One thing that recent releases have shown us is that a good novel doesn’t always translate into a good film. Ever since Gone Girl was a massive hit in cinemas in 2014, studios have tried to replicate the film’s success by adapting any crime-thriller that sold a handful of copies. It seems that audiences are becoming wary, The Girl On The Train disappointed those who had read the book and those who hadn’t and The Circle didn’t make an impact in theatres or on Netflix. The latest adaption to get the Hollywood makeover is Jo Nesbø‘s novel The Snowman, the acclaimed Norwegian crime-writer has sold millions of copies of his novels all over the world. But unfortunately for The Snowman, the film is a massive disappointment, especially disappointing with such a talented cast.
The film makes a bizarre choice by deciding to stay true to the novel by keeping the setting within Norway, but not casting any Norwegian actors in the parts. The actors don’t even attempt to appear Norwegian, with a variety of English and American actors popping up all over the place. I feel director Tomas Alfredson took a few risks with the film that didn’t pay off, the film was often boring and slow, relying on dramatic visuals over progressive story. Despite the film being boring, the story is over-complicated and hard to follow. Coming out of the film, there are a number of characters that I don’t understand their motive, especially the killer of the story.
I feel sympathetic towards Michael Fassbender, this would have been a great role for the actor, struggling to shake off some of his recent disappointments like Assassin’s Creed. Fassbender doesn’t give a bad performance, but he is let down by a poor script and bad direction. Rebecca Ferguson also gives a good performance, again she is let down by a poor script, as the film progresses I found myself becoming less and less interested in the character. Both actors’ careers won’t be harmed by the impact of this film, and I will look forward to what projects they move onto next.
Trying to understand the plot of the film, there are a number of storylines that not only didn’t make sense, they didn’t seem to add to the overall plot. Chloe Sevigny is used in a unique way, but it seems like her story is pointless, I presumed using a recognisable actress would have meant a meaningful or relevant story. J.K. Simmons’ storyline also confuses me, I admit I still don’t understand if he is linked to the murders or not. Finally, it seemed unnecessary to include Val Kilmer‘s characters storyline, I understand how it linked to the story but it didn’t particularly add anything.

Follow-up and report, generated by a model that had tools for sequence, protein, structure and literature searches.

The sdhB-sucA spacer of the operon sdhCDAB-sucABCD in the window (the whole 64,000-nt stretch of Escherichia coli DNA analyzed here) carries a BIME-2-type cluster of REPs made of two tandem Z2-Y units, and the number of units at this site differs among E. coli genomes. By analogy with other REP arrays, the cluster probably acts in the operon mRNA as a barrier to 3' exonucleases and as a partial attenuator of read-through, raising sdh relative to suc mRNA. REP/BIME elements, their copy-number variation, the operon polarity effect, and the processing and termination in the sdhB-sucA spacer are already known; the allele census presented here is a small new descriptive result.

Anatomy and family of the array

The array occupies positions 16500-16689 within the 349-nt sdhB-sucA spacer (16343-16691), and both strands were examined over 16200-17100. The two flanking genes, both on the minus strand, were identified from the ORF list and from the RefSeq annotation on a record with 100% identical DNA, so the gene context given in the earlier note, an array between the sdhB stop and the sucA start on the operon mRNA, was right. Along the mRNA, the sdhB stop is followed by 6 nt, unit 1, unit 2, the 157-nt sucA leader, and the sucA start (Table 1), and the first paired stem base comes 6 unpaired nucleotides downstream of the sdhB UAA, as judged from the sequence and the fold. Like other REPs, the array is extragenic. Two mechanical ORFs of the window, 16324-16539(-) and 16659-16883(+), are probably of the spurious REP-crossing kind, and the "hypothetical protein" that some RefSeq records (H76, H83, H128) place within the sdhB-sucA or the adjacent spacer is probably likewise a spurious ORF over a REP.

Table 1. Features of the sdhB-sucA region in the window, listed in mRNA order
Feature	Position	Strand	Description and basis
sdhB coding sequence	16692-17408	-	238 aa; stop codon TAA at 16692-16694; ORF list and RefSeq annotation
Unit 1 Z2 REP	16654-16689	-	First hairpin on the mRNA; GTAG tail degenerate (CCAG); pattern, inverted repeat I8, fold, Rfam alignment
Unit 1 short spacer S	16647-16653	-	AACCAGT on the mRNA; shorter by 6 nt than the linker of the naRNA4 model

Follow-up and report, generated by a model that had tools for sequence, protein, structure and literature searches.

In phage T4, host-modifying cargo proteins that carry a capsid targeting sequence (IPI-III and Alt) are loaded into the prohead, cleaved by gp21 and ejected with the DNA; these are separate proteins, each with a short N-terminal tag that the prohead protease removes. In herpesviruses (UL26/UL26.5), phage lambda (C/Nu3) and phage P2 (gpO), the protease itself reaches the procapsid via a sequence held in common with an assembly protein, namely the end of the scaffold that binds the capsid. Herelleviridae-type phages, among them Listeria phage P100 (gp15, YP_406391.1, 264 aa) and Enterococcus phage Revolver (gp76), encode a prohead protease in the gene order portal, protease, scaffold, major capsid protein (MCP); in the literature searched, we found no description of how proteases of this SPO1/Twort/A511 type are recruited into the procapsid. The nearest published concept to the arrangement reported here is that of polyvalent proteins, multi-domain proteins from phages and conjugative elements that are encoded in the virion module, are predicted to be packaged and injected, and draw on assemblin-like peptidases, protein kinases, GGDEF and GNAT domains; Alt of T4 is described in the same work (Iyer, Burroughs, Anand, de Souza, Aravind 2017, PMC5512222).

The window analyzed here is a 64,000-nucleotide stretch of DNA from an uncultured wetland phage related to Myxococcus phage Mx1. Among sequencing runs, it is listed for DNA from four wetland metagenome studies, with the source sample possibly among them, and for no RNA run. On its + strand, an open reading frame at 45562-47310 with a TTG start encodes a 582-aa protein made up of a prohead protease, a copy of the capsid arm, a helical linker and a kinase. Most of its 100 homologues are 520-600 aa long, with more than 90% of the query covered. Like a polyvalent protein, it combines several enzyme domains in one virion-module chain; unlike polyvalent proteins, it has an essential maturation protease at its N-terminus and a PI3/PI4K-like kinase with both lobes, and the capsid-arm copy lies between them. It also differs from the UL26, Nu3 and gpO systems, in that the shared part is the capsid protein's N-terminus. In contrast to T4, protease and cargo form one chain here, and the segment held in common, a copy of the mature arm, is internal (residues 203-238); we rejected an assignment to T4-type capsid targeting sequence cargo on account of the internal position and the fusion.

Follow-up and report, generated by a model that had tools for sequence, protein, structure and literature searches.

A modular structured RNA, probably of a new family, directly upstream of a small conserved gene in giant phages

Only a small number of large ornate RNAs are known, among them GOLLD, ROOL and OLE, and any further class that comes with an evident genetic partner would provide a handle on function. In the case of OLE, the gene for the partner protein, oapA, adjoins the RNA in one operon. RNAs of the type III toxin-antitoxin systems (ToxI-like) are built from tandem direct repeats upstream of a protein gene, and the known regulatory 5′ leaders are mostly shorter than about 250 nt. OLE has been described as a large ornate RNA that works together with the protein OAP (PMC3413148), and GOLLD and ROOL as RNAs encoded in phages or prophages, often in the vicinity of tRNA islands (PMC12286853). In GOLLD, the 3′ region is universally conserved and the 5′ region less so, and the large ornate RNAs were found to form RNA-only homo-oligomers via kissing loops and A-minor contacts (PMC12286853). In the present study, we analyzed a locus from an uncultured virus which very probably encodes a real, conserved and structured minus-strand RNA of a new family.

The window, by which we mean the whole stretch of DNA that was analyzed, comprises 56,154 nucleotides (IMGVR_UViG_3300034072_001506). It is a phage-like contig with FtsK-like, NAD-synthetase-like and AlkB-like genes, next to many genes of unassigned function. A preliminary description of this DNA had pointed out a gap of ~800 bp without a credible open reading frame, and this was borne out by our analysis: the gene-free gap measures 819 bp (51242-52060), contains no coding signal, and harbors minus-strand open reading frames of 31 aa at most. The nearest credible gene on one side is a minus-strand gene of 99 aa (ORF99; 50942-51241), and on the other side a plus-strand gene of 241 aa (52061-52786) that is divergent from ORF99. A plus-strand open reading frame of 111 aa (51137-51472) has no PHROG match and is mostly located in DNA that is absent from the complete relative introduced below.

The film structure is completely wrong and takes away from the dramatic tension the film builds up. Although I was surprised by who the murderer was, I didn’t feel any emotional connection the character or the characters that he was harming. Personally, I like crime-thrillers that keep the motives of the killer a secret, slowly unravelling secrets as the film goes on. Where the film fails is by revealing the killer’s motives from the start, despite knowing the killer’s history it didn’t help explain the killer’s motive, adding to the confusion of The Snowman.
After finishing The Snowman, I was embarrassed to have included this in my top 10 films for the rest of 2017 (check it the full list out here). I do give credit to the marketing department behind the film, the trailer made the film out to be a suspenseful thriller, instead, it came out as a confusing mess. The film has a great cast, but most of them are let down by a disappointing screenplay. When even J.K.Simmons can’t save your film, you know you must be doing something wrong. Hopefully, the rest of my top 10 list will live up to my expectations, because The Snowman may not only end up on my worst films of 2017, it may be my biggest disappointment of the year.